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The film Scarface, directed in 1983 by Brian De Palma, is a remake of a film of the same name directed in 1932 by Howard Hawks. Spanned by 50 years, the two became reference films within the gangster genre, both being very influential in their time.
According to Newsweek, Universal Pictures is considering the idea of making a remake. If this remake of Scarface is made, it would demonstrate what a terrible failure the so-called war on drugs has been.
The 1932 Scarface was about the rise and fall of Tony Camonte – played by Paul Muni – an Italian gunman and criminal who serves as a lieutenant in one of Chicago’s most important mafias. With an ambition only surpassed by his cruelty, he helps his boss to get rid of his rivals until, finally, he ends up eliminating his own boss to become the absolute leader of the mafia, dedicated mainly to alcohol trafficking, prohibited since 1920 by the so-called “dry law.”
Scarface from 1983 tells the story of Tony Montana – played by Al Pacino -, a Cuban ex-convict who arrives in Miami during the Mariel exodus orchestrated by Fidel Castro in 1980. Also thanks to his ambition and ability to understand the world of crime, Tony grows to become the most important cocaine trafficker in America during the so-called “war on drugs”, initiated by Nixon and boosted by Reagan.
The new version of Scarface is still a rumor, although the names of Michael B. Jordan as the main character and Luca Guadagnino as director are being considered. Regardless of whether it ends up being filmed or not, this remake would be the demonstration of a failure.
And we are not referring to a box office failure or an artistic failure – something that usually happens with woke remakes -, but to the failure of the war on drugs.
The failure of the Scarface remake
The original 1932 film began with a text that read: “This picture is an indictment of gang rule in America, and of the callous indifference of the government to this constantly increasing menace to our safety and our liberty… Every incident in this picture is the reproduction of an actual occurrence, and the purpose of this picture is to demand of the government: what are you going to do about it?”
A year after its release, Prohibition was abolished. This put a stop to all the problems that prohibition had generated, which clearly exceeded – by far – those generated by alcoholism. Although its prohibition for more than a decade contributed to create and feed criminal networks that would remain forever.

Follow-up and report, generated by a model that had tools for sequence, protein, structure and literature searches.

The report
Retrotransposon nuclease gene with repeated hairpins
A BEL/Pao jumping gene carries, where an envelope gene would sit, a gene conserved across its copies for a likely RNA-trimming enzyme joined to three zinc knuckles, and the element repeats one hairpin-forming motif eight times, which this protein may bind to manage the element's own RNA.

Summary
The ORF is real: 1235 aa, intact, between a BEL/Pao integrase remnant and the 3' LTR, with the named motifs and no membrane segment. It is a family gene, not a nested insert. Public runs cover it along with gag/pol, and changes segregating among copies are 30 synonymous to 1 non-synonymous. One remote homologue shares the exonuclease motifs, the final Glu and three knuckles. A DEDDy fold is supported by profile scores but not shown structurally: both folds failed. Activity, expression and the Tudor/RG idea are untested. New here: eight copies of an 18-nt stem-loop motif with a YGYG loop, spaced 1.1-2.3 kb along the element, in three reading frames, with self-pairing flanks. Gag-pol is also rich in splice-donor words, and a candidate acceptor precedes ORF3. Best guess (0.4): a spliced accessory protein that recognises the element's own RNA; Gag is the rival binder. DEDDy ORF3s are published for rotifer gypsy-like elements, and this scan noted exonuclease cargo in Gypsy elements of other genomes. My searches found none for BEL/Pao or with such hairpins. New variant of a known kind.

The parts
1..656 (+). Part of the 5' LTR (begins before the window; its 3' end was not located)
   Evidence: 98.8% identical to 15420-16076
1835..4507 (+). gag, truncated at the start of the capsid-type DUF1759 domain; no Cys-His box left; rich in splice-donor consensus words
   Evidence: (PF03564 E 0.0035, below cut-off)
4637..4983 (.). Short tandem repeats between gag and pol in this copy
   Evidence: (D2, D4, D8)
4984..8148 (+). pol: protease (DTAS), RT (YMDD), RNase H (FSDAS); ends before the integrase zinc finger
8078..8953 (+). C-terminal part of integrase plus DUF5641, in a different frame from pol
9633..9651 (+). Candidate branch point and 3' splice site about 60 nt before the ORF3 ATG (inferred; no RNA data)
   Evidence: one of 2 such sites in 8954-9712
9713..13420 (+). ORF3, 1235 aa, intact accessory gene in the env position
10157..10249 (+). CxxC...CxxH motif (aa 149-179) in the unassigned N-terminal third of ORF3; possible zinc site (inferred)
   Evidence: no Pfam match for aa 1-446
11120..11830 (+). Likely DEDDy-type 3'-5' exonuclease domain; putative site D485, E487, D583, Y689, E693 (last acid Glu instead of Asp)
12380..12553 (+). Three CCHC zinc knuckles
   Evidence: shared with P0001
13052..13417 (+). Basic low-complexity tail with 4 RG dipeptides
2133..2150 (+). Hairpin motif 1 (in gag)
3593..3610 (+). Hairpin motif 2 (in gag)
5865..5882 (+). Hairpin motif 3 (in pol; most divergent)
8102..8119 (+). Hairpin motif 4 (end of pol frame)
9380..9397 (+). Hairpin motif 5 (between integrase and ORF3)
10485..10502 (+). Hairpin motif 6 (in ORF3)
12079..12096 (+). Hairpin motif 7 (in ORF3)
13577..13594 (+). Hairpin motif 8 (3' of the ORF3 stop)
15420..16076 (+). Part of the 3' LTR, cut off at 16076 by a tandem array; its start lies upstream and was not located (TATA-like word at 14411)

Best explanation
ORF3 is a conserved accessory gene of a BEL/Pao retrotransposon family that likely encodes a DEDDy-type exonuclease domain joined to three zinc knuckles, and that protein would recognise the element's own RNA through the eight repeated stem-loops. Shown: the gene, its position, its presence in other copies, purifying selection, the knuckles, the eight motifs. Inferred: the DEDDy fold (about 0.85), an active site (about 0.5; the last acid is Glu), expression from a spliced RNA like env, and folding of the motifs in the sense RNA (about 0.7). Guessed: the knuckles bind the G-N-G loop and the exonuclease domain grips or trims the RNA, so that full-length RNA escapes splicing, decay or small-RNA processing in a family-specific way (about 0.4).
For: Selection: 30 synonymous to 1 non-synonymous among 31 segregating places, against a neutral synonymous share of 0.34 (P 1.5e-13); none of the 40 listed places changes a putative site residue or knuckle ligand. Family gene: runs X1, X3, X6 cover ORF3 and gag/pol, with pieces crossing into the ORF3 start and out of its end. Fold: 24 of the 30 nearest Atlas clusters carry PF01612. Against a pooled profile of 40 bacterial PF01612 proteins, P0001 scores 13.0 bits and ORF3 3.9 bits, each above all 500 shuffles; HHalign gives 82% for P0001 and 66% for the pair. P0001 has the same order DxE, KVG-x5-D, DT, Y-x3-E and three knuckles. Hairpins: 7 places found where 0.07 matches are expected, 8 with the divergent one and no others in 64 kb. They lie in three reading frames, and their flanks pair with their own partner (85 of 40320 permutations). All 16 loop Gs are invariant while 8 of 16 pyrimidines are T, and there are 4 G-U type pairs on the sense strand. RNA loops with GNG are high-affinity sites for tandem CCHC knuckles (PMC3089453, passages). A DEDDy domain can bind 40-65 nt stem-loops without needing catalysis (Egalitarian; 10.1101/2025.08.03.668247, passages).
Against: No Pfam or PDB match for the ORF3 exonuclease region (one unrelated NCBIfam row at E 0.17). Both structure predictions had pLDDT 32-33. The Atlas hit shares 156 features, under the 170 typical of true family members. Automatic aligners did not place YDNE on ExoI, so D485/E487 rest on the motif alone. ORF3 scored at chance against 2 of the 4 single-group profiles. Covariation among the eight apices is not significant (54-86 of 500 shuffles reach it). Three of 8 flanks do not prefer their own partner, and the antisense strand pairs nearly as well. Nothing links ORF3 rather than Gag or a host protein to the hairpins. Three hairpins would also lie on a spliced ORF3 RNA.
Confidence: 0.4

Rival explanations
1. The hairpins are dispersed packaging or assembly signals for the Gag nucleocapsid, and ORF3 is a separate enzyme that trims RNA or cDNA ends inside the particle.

Gambling and prostitution occupied these gangsters now that alcohol was no longer prohibited, until the popularization of other drugs such as cocaine and heroin. When in the ’70s the American government started the so-called “war on drugs”, these became the most lucrative business for the mafias.
Brian De Palma’s 1983 remake tells essentially the same story, but adapted to the times. The protagonist is no longer an Italian in Chicago, but a Latino in Miami. The weapon changes from a Colt M1921A Thompson to an M249 machine gun; and the substance prohibited by the government is no longer alcohol but mainly cocaine.
Tony Montana is sent to assassinate his Bolivian supplier because he does not comply with an order: to assassinate a lecturer who is going to give a speech at the United Nations.
This speech was meant to propose the legalization of drugs as the best way to end a problem that had gotten out of control. The “solution” to the problem had made it worse, just as Prohibition had done in its time. This is a speech that could have been signed by Nobel Prize winner Milton Friedman.
Of course, the drug traffickers were totally against legalization, they knew perfectly well that their business and their huge profits came precisely from its prohibition.
The possible remake of Scarface seems that the race of the protagonist will change, perhaps the city will also change, and surely the weapon. But what will not change is the product, and this is because while after the release of the first film the prohibition law was eliminated, after the second nothing changed in terms of the war on drugs. Or if it did, it was to intensify. The war on drugs has been won by drugs, to the happiness of drug traffickers, criminals, politicians, and officials who live off prohibition.
Ignacio Manuel García Medina, Business Management teacher. Artist and lecturer specialized in Popular Culture for various platforms. Presenter of the program "Pop Libertario" for the Juan de Mariana Institute. Lives in the Canary Islands, Spain // Ignacio M. García Medina es profesor de Gestión de Empresas. Es miembro del Instituto Juan de Mariana y conferenciante especializado en Cultura Popular e ideas de la Libertad.
Social Networks: @ignaciomgm